Chapter two, “Tamer and Tamed,” explores John Fletcher’s The Tamer Tamed or; The Woman’s Prize (1609-1610?), particularly the connection between the soul and the will in the character of Maria. In comparison with Shakespeare’s Taming of Shrew (1592-1594), Johnson shows us that Fletcher’s play “inverts the associations of men with spirituality and rationality and of women with the body,” and situates the play in a wider early modern debate over gender roles and the use of rhetoric using this soul-body framework (72).

Chapter three, “Ghost and Haunted,” focuses predominantly on The Lady’s Tragedy (1611), a play most often attributed to Middleton, and revisits the puppeteer/puppet analysis of Revenger’s. Here Johnson examines the play’s use of a female ghost appearing alongside her displayed corpse as engaging with the soul-body relationship, arguing that the appearance of a woman’s spirit haunting her fiancé “participat[es] in and also push[es] against the gender assumptions at its root” (105). At the end of the chapter, Johnson contextualizes this analysis with a discussion of the presence of female ghosts in contemporary plays, Shakespeare’s The Winter’s Tale (1609-1611) and John Webster’s The Duchess of Malfi (1613-1614), all of which argue for a “more complex understanding of the female self” than its appearance as either a “disembodied spirit,” or “stone monument” (129).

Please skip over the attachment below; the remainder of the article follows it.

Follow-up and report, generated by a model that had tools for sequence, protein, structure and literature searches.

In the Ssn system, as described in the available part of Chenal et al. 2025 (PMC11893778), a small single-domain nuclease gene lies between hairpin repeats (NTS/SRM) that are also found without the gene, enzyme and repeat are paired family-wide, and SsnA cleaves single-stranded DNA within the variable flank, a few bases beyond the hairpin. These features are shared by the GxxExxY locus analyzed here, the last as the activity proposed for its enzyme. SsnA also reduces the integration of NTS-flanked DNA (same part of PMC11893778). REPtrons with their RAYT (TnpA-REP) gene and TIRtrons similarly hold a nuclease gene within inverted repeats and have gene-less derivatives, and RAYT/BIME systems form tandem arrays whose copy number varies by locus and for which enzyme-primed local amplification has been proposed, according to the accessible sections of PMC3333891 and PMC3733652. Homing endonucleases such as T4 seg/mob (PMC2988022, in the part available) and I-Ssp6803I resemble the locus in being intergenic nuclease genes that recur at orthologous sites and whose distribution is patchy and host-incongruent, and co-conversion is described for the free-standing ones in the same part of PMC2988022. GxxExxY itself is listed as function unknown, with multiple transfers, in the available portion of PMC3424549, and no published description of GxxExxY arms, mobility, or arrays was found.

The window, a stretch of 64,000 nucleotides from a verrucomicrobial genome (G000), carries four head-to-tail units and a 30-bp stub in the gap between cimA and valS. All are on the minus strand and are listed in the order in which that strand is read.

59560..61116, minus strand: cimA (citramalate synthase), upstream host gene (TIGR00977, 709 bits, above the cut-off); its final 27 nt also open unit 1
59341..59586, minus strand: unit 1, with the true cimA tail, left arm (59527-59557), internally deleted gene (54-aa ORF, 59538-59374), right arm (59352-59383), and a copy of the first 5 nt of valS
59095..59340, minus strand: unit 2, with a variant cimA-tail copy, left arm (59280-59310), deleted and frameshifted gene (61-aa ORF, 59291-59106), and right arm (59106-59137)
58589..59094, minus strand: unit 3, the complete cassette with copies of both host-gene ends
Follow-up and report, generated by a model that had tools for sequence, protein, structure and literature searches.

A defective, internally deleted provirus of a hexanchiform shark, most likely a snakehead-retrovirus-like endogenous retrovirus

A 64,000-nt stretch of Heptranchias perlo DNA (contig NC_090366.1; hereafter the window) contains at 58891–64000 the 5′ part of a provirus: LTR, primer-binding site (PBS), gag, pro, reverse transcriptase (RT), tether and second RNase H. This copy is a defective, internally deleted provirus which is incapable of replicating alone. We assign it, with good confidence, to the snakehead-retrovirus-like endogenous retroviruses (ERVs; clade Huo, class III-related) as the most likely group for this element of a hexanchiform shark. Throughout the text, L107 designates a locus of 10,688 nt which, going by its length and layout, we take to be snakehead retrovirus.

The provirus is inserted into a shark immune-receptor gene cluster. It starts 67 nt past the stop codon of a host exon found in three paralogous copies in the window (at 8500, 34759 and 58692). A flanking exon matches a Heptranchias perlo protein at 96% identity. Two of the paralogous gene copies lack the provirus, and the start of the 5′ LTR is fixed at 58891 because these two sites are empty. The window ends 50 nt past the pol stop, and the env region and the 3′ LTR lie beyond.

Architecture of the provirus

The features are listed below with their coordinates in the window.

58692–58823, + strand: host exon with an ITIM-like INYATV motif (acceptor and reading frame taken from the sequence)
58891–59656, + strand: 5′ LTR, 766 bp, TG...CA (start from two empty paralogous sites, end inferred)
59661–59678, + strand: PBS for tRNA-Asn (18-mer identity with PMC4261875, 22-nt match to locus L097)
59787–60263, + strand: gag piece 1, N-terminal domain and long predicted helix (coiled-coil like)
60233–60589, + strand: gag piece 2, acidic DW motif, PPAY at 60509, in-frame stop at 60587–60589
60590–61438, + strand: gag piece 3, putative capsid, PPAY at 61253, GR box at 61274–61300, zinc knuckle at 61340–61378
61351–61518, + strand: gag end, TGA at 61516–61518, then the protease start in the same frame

Chapter four, “Observer and Spectacle,” develops ideas explored in the previous three chapters but extends the discussion to a small selection of masques, including Samuel Daniel’s Tethys Festival (1610) and Jonson’s The Masque of Blackness (1605), where women were able to perform, in contrast to the Renaissance stage. Here, Johnson examines whether women’s bodies performing in the masques could represent the soul, transgressing and collapsing hierarchical boundaries through costume and dance, also showing, through particular reference to Blackness, that women could act as men’s consciences by “moving” them to take action (160).

There is much to celebrate in this book, including its close attention to writings about the soul-body relationship, its attention to the effect of performances on an audience (consisting of both women and men), including the effect of using real human remains on the stage, and the plays’ questioning of received gender ideologies. Although Johnson is keen to state the parameters of her study as concerned with the representations of women in male-authored secular works, her discussions of the importance of women in the audience may have benefited from looking at female-authored writings to find evidence for the way women understood the soul-body relationship. Quite rightly, however, Johnson suggests that this study will provide a valuable framework for further study of both male- and female-authored works, alerting scholars to a “hitherto overlooked means of questioning the patriarchal subjection of women” (164), allowing us to see new meanings in some of the period’s more macabre and seemingly misogynistic representations of women.


Rachel Adcock is Lecturer in English at Loughborough University and works predominantly on seventeenth-century women’s religious writing, particularly that of Baptists and other sectarians. She has recently published a co-edited anthology of primary texts, Flesh and Spirit: An Anthology of Seventeenth-Century Women’s Writing (Manchester University Press, 2014).